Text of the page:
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Fed's Jerome Powell Calls For More Economic Aid, Warning 'Weakness Feeds On Weakness'

Federal Reserve Chairman Jerome Powell testifies last month during a House Select Subcommittee on the Coronavirus Crisis hearing. Powell continues to warn the U.S. economy needs more stimulus to recover from the pandemic.
Kevin Dietsch
Federal Reserve Chairman Jerome Powell testifies last month during a House Select Subcommittee on the Coronavirus Crisis hearing. Powell continues to warn the U.S. economy needs more stimulus to recover from the pandemic.

Updated at 4:08 p.m. ET

Federal Reserve Chairman Jerome Powell urged Congress to provide another round of pandemic relief Tuesday, saying it's better to do too much than too little.

However, hours later, President Trump dashed hopes for any quick deal with lawmakers, saying he'd called a halt to negotiations until after the November election.

In an earlier speech Tuesday, Powell had noted the economy was bouncing back more quickly from the pandemic recession than many forecasters expected. But he added that the recovery is far from complete – echoing comments he made to NPR during an interview last month.

"Even if policy actions ultimately prove to be greater than needed, they will not go to waste," Powell said in a speech Tuesday to the National Association for Business Economics. "The recovery will be stronger and move faster if monetary policy and fiscal policy continue to work side by side to provide support to the economy until it is clearly out of the woods."

He also warned the group that without additional support, the economy could slip into a downward spiral "as weakness feeds on weakness."

"A long period of unnecessarily slow progress could continue to exacerbate existing disparities in our economy," Powell said. "That would be tragic, especially in light of our country's progress on these issues in the years leading up to the pandemic."

Congress passed several relief bills earlier in the pandemic, including the $2.2 trillion CARES Act, which provided for additional unemployment benefits of up to $600 a week for many individuals.

However, most of the aid provided by Congress has expired.

Over the weekend, Trump seemed eager for additional relief, tweeting, "OUR GREAT USA WANTS & NEEDS STIMULUS."

But by Tuesday afternoon, the president had changed course, rejecting Democratic House Speaker Nancy Pelosi's call for an additional $2.4 trillion in aid.

"I have instructed my representatives to stop negotiating until after the election when, immediately after I win, we will pass a major Stimulus Bill that focuses on hardworking Americans and Small Business," Trump tweeted.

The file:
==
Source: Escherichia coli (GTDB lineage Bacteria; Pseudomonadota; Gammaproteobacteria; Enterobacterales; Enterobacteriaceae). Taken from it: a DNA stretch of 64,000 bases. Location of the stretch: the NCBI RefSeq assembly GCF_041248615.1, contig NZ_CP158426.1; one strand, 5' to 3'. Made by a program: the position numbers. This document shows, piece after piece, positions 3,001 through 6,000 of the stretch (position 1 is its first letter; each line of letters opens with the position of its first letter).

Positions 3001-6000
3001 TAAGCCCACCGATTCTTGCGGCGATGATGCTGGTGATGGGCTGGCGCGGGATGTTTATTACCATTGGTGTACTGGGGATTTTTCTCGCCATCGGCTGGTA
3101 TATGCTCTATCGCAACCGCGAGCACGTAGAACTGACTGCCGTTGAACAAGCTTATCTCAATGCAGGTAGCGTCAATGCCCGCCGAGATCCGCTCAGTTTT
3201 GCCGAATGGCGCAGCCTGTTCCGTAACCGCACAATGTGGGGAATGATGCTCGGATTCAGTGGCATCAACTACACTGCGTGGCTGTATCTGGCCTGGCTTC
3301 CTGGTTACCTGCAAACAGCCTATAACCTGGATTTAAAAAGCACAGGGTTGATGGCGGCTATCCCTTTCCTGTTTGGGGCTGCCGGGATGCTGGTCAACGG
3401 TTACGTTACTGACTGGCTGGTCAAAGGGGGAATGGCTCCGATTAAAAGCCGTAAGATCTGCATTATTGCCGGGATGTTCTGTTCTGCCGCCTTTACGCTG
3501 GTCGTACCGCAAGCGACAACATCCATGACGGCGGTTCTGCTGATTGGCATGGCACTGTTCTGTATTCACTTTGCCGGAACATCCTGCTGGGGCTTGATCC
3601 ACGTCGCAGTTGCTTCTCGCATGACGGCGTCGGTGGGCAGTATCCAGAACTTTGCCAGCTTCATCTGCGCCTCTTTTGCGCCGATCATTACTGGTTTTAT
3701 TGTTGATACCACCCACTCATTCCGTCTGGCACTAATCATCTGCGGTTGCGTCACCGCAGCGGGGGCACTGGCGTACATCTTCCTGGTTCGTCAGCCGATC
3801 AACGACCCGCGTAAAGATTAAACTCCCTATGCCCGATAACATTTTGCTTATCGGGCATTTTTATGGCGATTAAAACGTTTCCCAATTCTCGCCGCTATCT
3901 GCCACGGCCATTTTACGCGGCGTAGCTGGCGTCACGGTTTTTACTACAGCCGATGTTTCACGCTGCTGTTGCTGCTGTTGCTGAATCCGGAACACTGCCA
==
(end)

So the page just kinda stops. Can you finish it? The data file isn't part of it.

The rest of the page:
The president's move sent the stock market tumbling. The Dow Jones Industrial Average and the S&P 500 index, which had been up before Trump's tweet, both closed in the red, with the Dow losing 375 points or 1.3% and the S&P down 1.4%.

Powell credited the "extraordinary" relief measures passed early in the pandemic with helping to avoid a deeper recession and setting the stage for a partial rebound.

But recent indicators have shown the economic recovery is starting to slow as infections continue to spread. The labor market also remains under stress: Almost half the 22 million jobs lost in the spring have not been replaced.

Powell said Tuesday it may be some time before people whose jobs require a lot of in-person contact can safely return to work.

"While the combined effects of fiscal and monetary policy have aided the solid recovery of the labor market so far, there is still a long way to go," the Fed chairman said.

"The right thing to do and the smart thing to do is to continue to support those people as they return to their old jobs or find new jobs in different sectors of the economy," Powell added.

Unemployment, which peaked at 14.7% in April, fell to 7.9% last month. But Powell cautioned the jobless rate would be closer to 11% were it not for misclassification of idle workers and for people leaving the workforce.

Powell noted that job losses in the service sector have fallen particularly hard on women and minorities. And women with children are disproportionately affected by the demands of home schooling.

As the new school year began last month, four times as many women dropped out of the workforce as men.

"The longer it goes on, the more likely there is some lasting damage," Powell said. "For many people, and it's a lot of women, it's winding up being in the home with young children who really should be in school and you would much prefer to be working. So it's a real issue."

Copyright 2021 NPR. To see more, visit

Scott Horsley is NPR's Chief Economics Correspondent. He reports on ups and downs in the national economy as well as fault lines between booming and busting communities.
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